Deploying Your API as a gRPC Service¶
In certain scenarios, such as when you’re conducting service-to-service communications across your internal network, you might want to deploy your Thriftly API as a gRPC service.
As you might already know, Google developed gRPC, and protocol buffers, to allow clients running in a variety of languages to call services written in other languages. To do this, gRPC’s protocol buffers serialize a service’s structured data within proto files.
When called and formatted from within a client, these proto files allow that client to connect to a gRPC service, no matter what language the client is using or the service was originally written in.
To let you use your Thriftly APIs as gRPC services, we’ve included gRPC among the list of transports and protocols we support. After you deploy your API as a gRPC service, you can generate and access your API’s proto file, allowing you to connect with it just as you would any other gRPC service.
Note that, currently, Thriftly gRPC services include the following limitations:
You can not deploy Thriftly-based gRPC services using the Thriftly Gateway; you must deploy and access them from your local machine using localhost ports.
You can not use request headers to transform your API into a gRPC service after deployment. If you intend to use your API as a gRPC service, you must specify your API is a gRPC service as you deploy it from Thriftly.
Thriftly gRPC services support only the simple RPC method, not response-streaming, request-streaming, or bidirectionally-streaming RPC. (For more information on what this means, click here.)
Thriftly implements gRPC over HTTP2. Thriftly gRPC services are not compatible with HTTP1 implementations.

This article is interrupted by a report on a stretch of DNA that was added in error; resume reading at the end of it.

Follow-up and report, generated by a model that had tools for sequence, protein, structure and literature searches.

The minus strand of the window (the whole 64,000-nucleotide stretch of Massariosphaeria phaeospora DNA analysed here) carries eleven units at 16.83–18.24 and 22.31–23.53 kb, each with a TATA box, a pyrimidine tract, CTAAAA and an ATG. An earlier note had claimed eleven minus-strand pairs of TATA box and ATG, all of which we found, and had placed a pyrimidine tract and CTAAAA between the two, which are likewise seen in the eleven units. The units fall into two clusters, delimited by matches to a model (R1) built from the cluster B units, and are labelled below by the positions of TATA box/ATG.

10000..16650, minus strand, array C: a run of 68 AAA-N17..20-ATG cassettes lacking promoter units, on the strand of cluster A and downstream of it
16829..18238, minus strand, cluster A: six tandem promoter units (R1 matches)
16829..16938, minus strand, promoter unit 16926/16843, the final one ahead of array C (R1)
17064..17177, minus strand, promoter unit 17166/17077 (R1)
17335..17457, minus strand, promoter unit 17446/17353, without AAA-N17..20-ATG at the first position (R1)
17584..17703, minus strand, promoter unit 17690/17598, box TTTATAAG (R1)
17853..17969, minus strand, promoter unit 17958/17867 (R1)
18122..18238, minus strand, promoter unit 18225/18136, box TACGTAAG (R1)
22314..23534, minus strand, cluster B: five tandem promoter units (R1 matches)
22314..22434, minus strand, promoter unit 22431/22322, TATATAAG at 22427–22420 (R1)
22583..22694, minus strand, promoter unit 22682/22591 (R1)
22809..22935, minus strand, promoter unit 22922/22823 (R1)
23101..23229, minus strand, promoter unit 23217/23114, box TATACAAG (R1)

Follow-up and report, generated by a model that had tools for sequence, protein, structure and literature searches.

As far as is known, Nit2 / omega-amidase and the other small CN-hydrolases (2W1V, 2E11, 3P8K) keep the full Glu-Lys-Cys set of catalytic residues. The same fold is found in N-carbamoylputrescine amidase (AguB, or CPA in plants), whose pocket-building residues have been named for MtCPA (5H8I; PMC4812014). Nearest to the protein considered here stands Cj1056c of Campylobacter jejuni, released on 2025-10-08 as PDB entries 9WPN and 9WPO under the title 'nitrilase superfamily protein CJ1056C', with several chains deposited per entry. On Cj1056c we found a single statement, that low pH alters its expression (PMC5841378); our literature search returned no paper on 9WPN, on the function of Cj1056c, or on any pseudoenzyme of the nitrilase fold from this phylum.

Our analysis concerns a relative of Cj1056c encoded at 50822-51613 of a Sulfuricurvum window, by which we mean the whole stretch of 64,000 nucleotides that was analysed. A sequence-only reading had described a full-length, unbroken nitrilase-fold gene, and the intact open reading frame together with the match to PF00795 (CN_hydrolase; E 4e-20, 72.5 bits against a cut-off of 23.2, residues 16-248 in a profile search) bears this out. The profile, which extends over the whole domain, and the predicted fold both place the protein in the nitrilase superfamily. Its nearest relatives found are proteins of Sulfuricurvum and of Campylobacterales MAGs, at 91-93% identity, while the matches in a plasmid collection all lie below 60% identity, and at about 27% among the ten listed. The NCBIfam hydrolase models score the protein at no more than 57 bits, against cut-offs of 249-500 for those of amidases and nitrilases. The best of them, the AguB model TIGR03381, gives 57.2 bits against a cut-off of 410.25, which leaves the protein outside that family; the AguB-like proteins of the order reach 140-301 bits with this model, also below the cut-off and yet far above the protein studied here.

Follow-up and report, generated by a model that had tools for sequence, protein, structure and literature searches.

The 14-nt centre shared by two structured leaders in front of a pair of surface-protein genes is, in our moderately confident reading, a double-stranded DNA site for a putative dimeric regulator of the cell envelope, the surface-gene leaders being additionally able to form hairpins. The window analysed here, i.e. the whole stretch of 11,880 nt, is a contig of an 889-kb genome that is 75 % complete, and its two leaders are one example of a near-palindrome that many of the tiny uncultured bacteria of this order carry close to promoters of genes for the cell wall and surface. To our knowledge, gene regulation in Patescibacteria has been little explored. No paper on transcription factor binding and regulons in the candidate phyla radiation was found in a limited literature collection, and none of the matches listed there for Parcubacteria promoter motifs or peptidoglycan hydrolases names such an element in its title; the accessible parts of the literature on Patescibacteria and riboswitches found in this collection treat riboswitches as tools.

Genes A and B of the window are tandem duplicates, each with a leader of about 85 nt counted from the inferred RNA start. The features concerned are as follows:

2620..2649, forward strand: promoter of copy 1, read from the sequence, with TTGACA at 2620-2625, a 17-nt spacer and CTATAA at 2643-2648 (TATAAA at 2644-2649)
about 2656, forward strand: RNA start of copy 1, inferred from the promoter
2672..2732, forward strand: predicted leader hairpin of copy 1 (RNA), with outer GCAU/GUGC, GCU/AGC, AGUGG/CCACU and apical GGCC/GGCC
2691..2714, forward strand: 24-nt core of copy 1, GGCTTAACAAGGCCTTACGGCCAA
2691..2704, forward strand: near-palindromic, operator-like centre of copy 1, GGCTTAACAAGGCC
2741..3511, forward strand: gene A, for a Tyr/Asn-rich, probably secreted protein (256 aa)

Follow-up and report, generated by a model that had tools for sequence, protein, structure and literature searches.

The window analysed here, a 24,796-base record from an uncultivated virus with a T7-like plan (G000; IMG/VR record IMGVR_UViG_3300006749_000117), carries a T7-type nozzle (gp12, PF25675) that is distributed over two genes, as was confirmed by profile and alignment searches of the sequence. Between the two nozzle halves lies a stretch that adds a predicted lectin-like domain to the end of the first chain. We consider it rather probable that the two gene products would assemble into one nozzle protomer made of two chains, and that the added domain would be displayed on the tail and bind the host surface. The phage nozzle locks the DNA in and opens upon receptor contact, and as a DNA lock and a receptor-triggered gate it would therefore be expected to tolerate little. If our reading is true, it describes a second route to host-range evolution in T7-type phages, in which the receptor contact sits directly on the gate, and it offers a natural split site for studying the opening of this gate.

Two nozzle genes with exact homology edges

Deploying and Connecting to gRPC Services¶
To use your API as a gRPC service, you must:
Select GRPC and PROTOBUF as your API’s transport and protocol, as described in step 4 of the Adding Endpoints section.
After you finish deploying your API (as described in the Running Your Application and Viewing Your Endpoints on the Web section), access its proto file. To do so:
In your web browser, access your API from its localhost location, using the port you specified as you configured your endpoint.
Type ?proto at the end of the localhost address to download and open your API’s proto file.
Use gRPC.io’s instructions to connect your gRPC service to a client. Largely, this requires:
Using the protocol buffer compiler (protoc) to generate a language-specific data access class from your service’s proto file.
Including and calling this class from within your client application, to populate, serialize, and retrieve data from your gRPC service. As you do so, you’ll have to point to the localhost port on which you are hosting your gRPC service (when you use the CreateChannel command to access your service).
If you have any questions as you get your gRPC service up and running, we encourage you to reach out to us at email@example.com.